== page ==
The Goldsmiths’ Company has a long history of binding apprentices across the whole trade. Read more here. It continues to play an important role in support of the craft and industry, funding apprenticeships to the trade. Each year we bind young people to a Master in a traditional ceremony at Goldsmiths' Hall.
Apprenticeships take place across all aspects of the industry - diamond mounting, spinning, burnishing, engraving, silversmithing to name a few.
Apprentices in the past were given day release to obtain qualifications (based predominantly on silversmithing) to widen their skills. Now the Goldsmiths’ Centre supplies this part of their training. They also offer specialist short courses to post-graduates, and top-up courses to expand knowledge.
Our current team at the Assay Office comprises of many past apprentices. Nick Franklin is the latest apprentice, having been bound to his Master in December 2018.
Furthermore many of our Management Team began their careers within the Assay Office as apprentices training together. Their combined experience, shared history and their aligned progression is invaluable to the overall team, and a unique part of the quality of our service. It is a very special combination, each having gone through the same processes and training.
Training Officer and Assay Office Assistant
"I started at the Goldsmiths Assay Office London in 2011 as an Apprentice. I finished my GCSE’s and I knew I wanted to work in the jewellery and silversmithing trade. During my Apprenticeship, I learnt lots of different skills for each department. I started learning the traditional methods of sampling on the touchstone, as well as new technologies such as X-ray Florescent Spectrometry and Laboratory testing. I went on to Hand marking, learning how to hand mark small items of jewellery to large display marks on silverware. I learnt how to hallmark and laser engrave on the laser machines, which we have had two new types of laser machines since I started. I have also worked at our sub-offices; Allied in Shoreditch, Greville Street in Hatton Garden, and mostly Graff Diamonds in Bond Street.
Throughout my apprenticeship, I was lucky enough to go on a day release at the Goldsmiths Centre, learning different skills in the trade. I really enjoyed my day release as this taught me how much time and effort goes into making items to send to the Assay Office. This made me more careful when marking each piece, as we want to get it right for our customers after all the hard work that has gone into making that item.
At the end of my apprenticeship, I had to make a Masterpiece which I wanted all my skills combined. I choose to hand engrave a set of playing cards, laser engraving the backs of each card. I also hand made a silver box and basket using my silversmithing skills for the cards to sit in, which I hand struck myself. (See image in carousel below).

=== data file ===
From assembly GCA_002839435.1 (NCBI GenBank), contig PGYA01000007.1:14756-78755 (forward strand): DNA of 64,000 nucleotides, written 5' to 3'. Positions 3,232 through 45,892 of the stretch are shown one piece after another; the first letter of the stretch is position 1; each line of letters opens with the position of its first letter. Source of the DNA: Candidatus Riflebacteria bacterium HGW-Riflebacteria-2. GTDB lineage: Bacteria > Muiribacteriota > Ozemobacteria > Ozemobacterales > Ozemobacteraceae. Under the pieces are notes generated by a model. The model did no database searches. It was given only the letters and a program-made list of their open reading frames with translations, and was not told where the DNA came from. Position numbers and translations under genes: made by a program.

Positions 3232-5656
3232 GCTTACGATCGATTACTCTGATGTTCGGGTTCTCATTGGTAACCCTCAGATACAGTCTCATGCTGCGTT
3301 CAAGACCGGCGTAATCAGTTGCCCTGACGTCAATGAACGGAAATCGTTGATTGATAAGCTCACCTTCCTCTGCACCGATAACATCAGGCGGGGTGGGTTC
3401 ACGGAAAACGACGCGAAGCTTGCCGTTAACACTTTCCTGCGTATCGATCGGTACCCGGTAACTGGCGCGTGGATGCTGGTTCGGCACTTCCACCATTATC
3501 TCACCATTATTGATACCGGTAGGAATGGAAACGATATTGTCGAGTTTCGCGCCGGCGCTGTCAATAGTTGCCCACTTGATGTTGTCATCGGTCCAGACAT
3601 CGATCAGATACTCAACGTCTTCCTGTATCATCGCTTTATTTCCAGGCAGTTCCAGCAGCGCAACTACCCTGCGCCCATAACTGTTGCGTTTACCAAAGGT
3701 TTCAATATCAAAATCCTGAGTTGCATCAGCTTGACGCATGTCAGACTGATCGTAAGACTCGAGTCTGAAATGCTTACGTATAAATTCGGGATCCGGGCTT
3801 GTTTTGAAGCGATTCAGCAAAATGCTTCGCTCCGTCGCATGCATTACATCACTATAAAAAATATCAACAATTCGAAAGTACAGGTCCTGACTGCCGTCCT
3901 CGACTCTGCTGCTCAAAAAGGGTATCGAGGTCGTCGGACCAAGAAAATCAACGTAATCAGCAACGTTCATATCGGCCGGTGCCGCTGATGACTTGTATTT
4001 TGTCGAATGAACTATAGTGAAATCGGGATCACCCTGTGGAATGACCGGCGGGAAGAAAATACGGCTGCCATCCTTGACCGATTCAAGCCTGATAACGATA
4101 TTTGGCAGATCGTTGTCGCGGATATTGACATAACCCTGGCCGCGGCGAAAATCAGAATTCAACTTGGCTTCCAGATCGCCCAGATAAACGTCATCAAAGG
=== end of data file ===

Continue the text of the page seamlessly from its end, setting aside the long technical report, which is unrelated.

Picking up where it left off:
After my apprenticeship, I was made Freeman of the Company and Freeman of the City of London, and I was assigned to the Specials Team. I really enjoy being on the Specials Team, as I enjoy marking big silverware with large display marks by hand and laser.
Last April, I took over as Training Officer when my Master David Merry retired. I am very proud to train the apprentices, and teach them everything I was taught throughout my own apprenticeship.
My biggest achievement was making my Masterpiece at the end of my apprenticeship, and entering the Crafts and Design Competition. I won two Bronze awards, which was a big achievement for myself and the Assay Office. The Assay Office is not known for making items, so was really amazing to be up against people who work full time making jewellery and silverware and to win two awards. I also feel very proud to be Training Officer, teaching everything I know to be handed down to future generations.
A typical working day for me is to set my apprentice up with a task which could be sampling, hand marking or laser marking, and then to see if I’m needed on hand marking or laser marking on the specials team. I enjoy mixing the day up, so I really enjoy working on the special’s team between hand and laser. Throughout the day, I sit with my apprentice and go through with him on how to improve, setting him new tasks and teaching him new skills and techniques.
My top tip for customers would be to fill in your hallnotes properly by explaining where you would like the hallmark, what size hallmark, hand struck or laser mark and what orientation you would like the hallmarks to be in. This is very important when marking each packet as we want to get this right. This could delay your packet if we are unsure."
Dave Merry worked at the Assay Office for 47 years. He began as an apprentice here himself and retired as Training Officer and Trading Standards Liaison in 2019. In this video filmed at the Trailblazer Reception in Elstree Studios in 2015, he discusses his experiences.